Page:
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 When did you last think about rain?

Yes, that’s right. Rain. The Wet stuff that falls from the sky and later clears from the west. The liquid that comes in under doors or on cats and dogs. The magic stuff that makes taxis impossible to find. The only thing that can make cricketers run.


Odds are you haven’t thought about it for years, if ever. And even if you did, you thought to yourself: ’Oh God, it’s raining again.’

We don’t blame you. We’d like you to take rain for granted. Because that means we at the British Rain Bureau are doing our job properly.

What worries us (and we would be less than human if it didn’t) is people who seem to think that one kind of rain is much like another. You couldn’t be more wrong. Drop for drop, British rain is the best in the world.

All right, so it isn’t the most sensational in the world. There’s nothing in Britain to rival the monsoons of India or the dramatic hurricanes of America. We can’t rival those places in the world where the heavens majestically open and a sheet of water falls, until high streets are 6ft deep in it and people go upstairs just to avoid drowning. There are no rain forests here and no raging torrents. Not even much in the way of rapids.

But would we really want things to be that way?

We at the British Rain Bureau think people would rather have rain that was dependable, regular and reliable. Rain that was soft and friendly. Rain you didn’t feel threatened by.

British rain.

And don’t go thinking that British rain is all the same. We are proud of our great regional varieties. The soft hanging rain that drifts across the Cotswolds. The tough, hard-wearing rain that swings in across Dartmoor. The lovely April showers that can arrive in any month, freshen up the landscape and be replaced by sun in ten minutes, as if Britain was going through some gigantic car wash. There are even people who think plain old drizzle has its charms!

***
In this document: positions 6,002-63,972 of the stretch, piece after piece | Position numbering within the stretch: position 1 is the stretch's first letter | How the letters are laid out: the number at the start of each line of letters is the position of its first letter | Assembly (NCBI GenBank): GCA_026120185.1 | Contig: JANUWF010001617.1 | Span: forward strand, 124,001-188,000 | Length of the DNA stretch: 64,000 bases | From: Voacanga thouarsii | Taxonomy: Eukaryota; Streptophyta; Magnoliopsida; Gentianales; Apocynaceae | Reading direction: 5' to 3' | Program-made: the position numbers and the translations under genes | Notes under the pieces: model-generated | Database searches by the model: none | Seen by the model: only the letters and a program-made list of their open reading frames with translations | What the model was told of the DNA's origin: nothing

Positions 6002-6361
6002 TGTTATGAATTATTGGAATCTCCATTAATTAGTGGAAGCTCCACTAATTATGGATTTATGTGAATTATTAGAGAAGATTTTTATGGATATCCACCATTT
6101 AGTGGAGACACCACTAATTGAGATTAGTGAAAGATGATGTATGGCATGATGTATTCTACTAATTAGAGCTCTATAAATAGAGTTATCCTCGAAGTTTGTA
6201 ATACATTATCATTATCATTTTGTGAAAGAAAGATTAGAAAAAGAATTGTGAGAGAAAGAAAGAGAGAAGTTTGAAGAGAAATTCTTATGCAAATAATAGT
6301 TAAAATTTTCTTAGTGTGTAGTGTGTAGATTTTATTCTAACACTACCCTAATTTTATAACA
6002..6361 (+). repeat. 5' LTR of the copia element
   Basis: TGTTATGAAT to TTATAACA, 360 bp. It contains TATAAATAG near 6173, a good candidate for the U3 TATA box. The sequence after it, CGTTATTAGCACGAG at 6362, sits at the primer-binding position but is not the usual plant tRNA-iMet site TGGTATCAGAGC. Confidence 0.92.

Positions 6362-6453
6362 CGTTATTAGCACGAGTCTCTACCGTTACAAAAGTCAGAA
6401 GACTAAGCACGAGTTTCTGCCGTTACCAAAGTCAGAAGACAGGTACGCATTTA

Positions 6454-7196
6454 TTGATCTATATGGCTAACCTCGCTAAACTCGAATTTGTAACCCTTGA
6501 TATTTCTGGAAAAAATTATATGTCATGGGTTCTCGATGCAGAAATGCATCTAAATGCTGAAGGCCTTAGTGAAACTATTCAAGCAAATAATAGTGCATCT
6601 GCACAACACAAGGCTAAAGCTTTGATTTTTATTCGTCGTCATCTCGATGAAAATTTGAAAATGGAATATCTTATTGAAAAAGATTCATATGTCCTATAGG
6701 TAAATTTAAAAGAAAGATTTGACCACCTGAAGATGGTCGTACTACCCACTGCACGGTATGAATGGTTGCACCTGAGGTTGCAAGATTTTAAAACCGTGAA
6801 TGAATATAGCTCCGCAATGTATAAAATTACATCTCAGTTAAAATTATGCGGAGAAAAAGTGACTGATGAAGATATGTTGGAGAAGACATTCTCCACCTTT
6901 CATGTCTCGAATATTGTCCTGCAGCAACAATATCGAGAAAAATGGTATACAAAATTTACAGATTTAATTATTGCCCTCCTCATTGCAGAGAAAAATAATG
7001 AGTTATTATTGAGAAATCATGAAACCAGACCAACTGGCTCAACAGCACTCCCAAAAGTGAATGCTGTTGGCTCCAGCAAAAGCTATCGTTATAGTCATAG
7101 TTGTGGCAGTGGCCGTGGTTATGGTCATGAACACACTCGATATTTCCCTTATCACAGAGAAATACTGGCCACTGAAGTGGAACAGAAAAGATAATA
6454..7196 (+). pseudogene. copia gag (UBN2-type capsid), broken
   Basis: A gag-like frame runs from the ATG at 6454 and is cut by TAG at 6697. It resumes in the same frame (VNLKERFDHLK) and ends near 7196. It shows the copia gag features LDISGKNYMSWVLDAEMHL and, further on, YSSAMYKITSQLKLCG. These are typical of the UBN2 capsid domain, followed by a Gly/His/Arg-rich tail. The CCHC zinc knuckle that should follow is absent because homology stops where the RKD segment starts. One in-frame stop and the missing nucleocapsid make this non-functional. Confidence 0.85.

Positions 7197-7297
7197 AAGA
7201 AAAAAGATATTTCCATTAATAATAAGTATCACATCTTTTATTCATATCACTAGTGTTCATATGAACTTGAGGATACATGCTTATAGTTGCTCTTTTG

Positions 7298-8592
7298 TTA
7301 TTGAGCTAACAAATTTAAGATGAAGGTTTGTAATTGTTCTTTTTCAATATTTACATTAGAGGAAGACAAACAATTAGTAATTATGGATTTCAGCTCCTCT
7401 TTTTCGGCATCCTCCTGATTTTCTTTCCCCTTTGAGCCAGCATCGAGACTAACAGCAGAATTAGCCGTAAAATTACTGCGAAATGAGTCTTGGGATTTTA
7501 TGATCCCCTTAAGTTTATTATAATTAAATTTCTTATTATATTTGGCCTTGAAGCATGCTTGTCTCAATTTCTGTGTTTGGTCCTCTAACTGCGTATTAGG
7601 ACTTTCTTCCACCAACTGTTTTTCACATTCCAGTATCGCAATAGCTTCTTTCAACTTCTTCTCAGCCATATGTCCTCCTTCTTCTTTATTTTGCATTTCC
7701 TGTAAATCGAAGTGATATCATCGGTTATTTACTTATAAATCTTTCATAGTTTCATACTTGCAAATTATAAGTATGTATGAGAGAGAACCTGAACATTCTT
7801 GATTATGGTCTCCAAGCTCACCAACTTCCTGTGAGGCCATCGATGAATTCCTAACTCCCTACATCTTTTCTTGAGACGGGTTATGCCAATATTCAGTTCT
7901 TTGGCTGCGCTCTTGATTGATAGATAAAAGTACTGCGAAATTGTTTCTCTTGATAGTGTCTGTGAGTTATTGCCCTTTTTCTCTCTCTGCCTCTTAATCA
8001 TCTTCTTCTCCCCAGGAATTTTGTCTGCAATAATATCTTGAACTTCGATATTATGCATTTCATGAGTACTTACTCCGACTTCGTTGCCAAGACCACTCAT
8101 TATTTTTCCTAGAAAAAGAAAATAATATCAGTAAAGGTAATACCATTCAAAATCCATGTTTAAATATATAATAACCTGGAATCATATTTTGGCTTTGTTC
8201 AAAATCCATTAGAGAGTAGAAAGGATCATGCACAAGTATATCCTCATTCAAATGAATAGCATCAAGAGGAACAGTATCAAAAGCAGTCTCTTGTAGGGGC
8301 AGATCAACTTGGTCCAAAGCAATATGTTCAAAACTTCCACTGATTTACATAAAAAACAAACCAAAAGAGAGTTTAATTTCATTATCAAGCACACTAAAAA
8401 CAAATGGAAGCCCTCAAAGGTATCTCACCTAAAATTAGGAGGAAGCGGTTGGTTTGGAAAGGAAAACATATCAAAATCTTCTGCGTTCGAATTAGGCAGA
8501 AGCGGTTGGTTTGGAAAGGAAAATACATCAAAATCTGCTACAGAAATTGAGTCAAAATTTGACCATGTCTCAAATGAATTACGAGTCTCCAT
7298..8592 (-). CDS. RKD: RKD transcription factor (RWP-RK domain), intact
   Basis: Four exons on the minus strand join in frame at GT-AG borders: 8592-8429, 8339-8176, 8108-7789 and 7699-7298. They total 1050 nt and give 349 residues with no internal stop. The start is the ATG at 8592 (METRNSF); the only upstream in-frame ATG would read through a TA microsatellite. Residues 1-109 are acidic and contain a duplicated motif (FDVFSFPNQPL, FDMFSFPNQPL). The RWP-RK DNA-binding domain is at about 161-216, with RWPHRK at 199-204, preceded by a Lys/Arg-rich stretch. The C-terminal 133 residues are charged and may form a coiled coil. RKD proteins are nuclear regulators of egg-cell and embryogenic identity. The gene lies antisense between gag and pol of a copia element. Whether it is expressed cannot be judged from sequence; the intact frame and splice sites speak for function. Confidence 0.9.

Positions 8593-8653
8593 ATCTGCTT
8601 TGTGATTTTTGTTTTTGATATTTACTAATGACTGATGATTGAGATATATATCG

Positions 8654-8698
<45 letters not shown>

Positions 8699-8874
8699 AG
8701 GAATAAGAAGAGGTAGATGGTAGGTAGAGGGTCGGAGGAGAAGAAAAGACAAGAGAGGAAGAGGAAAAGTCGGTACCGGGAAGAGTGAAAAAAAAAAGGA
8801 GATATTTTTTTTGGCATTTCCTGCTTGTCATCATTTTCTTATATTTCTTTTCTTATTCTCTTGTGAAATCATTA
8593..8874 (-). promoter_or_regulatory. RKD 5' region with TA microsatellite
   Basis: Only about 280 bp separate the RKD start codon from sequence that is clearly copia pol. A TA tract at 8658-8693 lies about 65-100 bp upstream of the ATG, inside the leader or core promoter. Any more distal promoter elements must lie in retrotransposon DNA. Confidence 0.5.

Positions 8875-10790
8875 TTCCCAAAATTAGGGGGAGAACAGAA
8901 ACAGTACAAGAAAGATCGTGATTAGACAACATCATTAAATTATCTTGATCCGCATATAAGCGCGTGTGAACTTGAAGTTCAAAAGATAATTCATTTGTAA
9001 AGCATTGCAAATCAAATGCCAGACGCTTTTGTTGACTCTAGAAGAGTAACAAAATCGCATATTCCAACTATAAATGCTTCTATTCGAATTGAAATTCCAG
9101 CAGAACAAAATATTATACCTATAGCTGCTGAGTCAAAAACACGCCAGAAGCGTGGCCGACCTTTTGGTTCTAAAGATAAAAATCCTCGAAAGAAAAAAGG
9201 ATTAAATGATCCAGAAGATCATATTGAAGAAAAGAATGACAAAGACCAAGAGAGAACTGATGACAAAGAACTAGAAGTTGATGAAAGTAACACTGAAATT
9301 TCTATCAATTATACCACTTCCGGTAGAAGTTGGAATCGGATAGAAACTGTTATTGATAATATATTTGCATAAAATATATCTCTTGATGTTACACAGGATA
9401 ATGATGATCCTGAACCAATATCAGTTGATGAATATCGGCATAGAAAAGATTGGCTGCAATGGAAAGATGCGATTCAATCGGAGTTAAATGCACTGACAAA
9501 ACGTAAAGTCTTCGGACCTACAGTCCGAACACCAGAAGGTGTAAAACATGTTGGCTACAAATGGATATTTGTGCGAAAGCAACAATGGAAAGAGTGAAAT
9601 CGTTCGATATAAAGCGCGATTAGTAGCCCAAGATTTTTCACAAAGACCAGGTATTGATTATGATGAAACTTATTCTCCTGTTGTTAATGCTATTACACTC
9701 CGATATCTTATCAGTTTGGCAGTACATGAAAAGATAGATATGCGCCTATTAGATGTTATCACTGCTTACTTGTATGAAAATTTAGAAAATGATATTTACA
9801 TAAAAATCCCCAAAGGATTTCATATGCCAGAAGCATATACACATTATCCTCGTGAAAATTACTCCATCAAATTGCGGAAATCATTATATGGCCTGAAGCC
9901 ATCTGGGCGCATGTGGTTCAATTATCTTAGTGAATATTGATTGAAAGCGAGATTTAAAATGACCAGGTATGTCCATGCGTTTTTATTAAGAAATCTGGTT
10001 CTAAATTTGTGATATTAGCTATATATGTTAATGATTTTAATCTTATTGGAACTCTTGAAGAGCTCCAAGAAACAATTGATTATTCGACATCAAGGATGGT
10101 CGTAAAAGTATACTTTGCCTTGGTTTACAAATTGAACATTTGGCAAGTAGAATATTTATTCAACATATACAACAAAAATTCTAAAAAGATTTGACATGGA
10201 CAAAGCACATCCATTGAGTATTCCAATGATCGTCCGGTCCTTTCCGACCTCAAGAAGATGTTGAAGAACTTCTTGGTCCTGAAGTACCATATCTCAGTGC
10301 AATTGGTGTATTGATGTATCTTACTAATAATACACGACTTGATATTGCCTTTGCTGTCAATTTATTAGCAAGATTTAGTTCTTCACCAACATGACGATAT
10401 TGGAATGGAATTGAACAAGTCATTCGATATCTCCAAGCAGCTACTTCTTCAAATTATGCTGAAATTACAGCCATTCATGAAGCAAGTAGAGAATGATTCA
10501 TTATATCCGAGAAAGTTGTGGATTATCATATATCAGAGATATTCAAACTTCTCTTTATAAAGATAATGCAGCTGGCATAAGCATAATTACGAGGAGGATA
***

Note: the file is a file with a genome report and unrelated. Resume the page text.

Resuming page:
Up in Scotland they have invented a special rain of their own called Scotch mist, which is so thin that it doesn’t seem to be falling at all, but hovering.

Do you remember that old Punch Cartoon in which the English lady is saying to the Scotsman : ‘The rain seems to be clearing off at last, Sandy’ ? He says: ‘Aye, I doot it’s threatening to be dry.’

So next time you hear people singing the praises of foreign rain, give them the facts. Tell them that British rain is till the best in the world. That 100 per cent of the rain that falls in Britain is British-made, and that we import none of it. And that the British Rain Bureau is looking after your rain, night and day, so that the grass may grow and the rivers may run.

Don’t accept any substitute for British rain.

This completely pointless advertisement was placed by the British Rain Bureau and was paid for entirely out of your money. If you want to know more about the stuff that falls on the just and unjust alike, send off to the British Rain Bureau , the quango they forgot to kill off. We are here to serve you, also to spend our budget like mad before the end of the year so we can get even more money next year.

Write to us at Precipitation House, Whitehall, London. We’d love to hear from you. We’d love to hear from anybody.

Moreover, Too 1985




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